The Future Leaders Awards program is brought to you in partnership with PointClickCare. The program is designed to recognize up-and-coming industry members who are shaping the next decade of behavioral health, senior housing, skilled nursing, home health, and hospice care. To see this year’s Future Leaders, visit https://futureleaders.agingmedia.com/.
David Aziz, vice president of Integrated Behavioral Health and Enterprise Strategy at LifeStance, has been named a 2023 Future Leader by Behavioral Health Business.
To become a Future Leader, an individual is nominated by their peers. The candidate must be a high-performing employee who is 40-years-old or younger, a passionate worker who knows how to put vision into action, and an advocate for behavioral health patients, and the committed professionals who ensure their well-being.
Aziz sat down with Behavioral Health Business to talk about his career trajectory and the ways the industry is evolving.
What drew you to this industry?
I came to LifeStance back in September 2017. That was shortly after the company was founded earlier in 2017. Our mission was to increase access to trusted, affordable, personalized mental health care.
It just so happened that my younger sister had been battling cancer for the previous three years and I became aware of her illness’s mental health strain. The awareness of what my sister had been going through, as well as many family members and friends who went through the experience alongside her, made it evident to me that public awareness was increasing. Barriers to care were also decreasing, but there still was a significant disconnect between patients needing behavioral health care and those getting it.
What’s your biggest lesson learned since starting to work in this industry?
If it wasn’t clear in 2017, it is now that there’s a behavioral health crisis in the country and my biggest lesson has been how many people suffer in silence from behavioral health issues. It’s not enough to provide the best treatment options. Ensuring patients are properly screened and engaged in their care is equally important.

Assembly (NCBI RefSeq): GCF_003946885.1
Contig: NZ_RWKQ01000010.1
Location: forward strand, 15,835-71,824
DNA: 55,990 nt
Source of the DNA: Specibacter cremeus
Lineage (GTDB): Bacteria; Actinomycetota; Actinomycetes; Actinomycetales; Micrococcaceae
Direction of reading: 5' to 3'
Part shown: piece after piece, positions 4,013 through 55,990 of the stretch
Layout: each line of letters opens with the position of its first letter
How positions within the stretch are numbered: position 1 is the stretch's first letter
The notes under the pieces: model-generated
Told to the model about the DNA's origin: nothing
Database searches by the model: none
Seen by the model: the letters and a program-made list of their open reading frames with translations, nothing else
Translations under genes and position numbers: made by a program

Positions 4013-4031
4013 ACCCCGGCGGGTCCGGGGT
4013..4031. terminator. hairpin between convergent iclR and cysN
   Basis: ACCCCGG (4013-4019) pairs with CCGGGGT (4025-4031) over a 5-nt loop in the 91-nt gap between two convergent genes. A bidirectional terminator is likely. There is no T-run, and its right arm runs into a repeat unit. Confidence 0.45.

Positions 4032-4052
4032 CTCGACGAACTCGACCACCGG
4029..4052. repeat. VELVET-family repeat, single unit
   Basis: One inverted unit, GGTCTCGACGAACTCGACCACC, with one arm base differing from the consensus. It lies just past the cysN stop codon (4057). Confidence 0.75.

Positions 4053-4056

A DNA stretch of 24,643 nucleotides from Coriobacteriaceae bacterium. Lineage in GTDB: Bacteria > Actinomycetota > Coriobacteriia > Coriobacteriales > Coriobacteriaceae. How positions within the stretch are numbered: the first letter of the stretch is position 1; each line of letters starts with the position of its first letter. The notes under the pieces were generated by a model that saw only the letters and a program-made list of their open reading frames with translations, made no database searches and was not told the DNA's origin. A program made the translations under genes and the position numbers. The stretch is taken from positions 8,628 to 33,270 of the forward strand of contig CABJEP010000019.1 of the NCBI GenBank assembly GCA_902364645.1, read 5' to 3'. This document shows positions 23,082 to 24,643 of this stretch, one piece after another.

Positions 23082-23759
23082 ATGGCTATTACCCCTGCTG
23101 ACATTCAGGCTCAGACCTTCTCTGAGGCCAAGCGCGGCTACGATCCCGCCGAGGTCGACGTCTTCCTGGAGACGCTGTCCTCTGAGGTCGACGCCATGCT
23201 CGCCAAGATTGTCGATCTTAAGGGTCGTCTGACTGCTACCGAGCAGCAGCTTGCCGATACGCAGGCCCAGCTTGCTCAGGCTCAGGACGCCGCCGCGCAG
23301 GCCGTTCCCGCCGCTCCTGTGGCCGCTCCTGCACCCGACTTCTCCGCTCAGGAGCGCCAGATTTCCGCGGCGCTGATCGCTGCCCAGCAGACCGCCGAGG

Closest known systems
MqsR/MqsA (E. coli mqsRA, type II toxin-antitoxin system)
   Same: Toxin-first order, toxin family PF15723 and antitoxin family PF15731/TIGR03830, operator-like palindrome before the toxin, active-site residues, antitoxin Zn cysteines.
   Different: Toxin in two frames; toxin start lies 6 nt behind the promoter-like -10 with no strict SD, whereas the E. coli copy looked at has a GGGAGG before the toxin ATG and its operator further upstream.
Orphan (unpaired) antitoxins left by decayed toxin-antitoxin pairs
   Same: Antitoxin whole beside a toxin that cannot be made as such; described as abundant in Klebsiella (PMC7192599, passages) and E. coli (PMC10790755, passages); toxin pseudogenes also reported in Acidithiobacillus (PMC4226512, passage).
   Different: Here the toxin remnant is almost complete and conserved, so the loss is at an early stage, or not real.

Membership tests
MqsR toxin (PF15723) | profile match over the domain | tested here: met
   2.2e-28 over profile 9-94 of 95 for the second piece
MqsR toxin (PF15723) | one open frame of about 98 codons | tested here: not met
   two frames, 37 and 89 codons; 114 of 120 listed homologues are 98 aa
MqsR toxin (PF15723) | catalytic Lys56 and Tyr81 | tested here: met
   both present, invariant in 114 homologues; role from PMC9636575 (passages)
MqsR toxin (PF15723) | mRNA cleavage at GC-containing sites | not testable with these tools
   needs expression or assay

That is separate from just having the treatment available. Historically, this has been a challenge, but the good news is that it is an addressable challenge.
Being a part of a company like LifeStance, we have a significant opportunity, given our 6,100 licensed clinicians and geographic base across 34 states. We can really meaningfully address the behavioral health crisis.
So it’s not only increasing access to care on its own, but partnering with primary care providers, and that includes pediatrics and women’s health providers, to implement collaborative care, which is a specific model, but then also other population health-specific models that can be done through integrated behavioral health.
If you could change one thing with an eye toward the future of behavioral health, what would it be?
I’d like to see all health systems and primary care providers bet on better behavioral health treatment for their patients. Part of that means taking some risks, accepting changes and investing in new models of care. It can be challenging for clinics, many of which are under-resourced or have historically not been able to roll out behavioral health programs profitably.
But what I see as exciting here is being able to direct these clinics’ investment in behavioral health and reduce upfront costs by outsourcing that type of service. Embedded therapists will work closely with a dedicated behavioral health coordinator, which allows them to practice at the top of their licensure.
What this does, in turn, is maximize the number of warm handoffs that are occurring.
What do you foresee as being different about the behavioral health industry looking ahead to 2024?
Every year that goes by, there’s a more compelling evidence base that demonstrates that appropriate behavioral health treatment improves outcomes and lowers the total cost of care for patients.
Being a part of that evidence base and contributing to it is something that I’m looking forward to. The mindset around looking at behavioral health as a cost center is shifting towards an opportunity to decrease total cost of care. There still needs to be a lot more data gathered on that and scale and in practice. That’s where things are moving.
In a word, how would you describe the future of behavioral health?
I’d say transforming. Whether you’re talking about the state of behavioral health or the delivery of behavioral health care, it’s transformed so quickly in the last few years, and I think that’s kind of set off a domino effect that will continue.
If you could give yourself advice looking back to your first day in the industry, what would it be and why?
Much of my experience at LifeStance has shown that with growth comes a lot of responsibility.
Starting a company with 200 clinicians to now having 6,000, I never realized how much of an impact we would have. Today, when I look at what we’re trying to accomplish with measurement-based care, and with our partnerships with payers, etc., moving the needle is something that’s in sight.
To learn more about the Future Leaders program, visit: https://futureleaders.agingmedia.com/.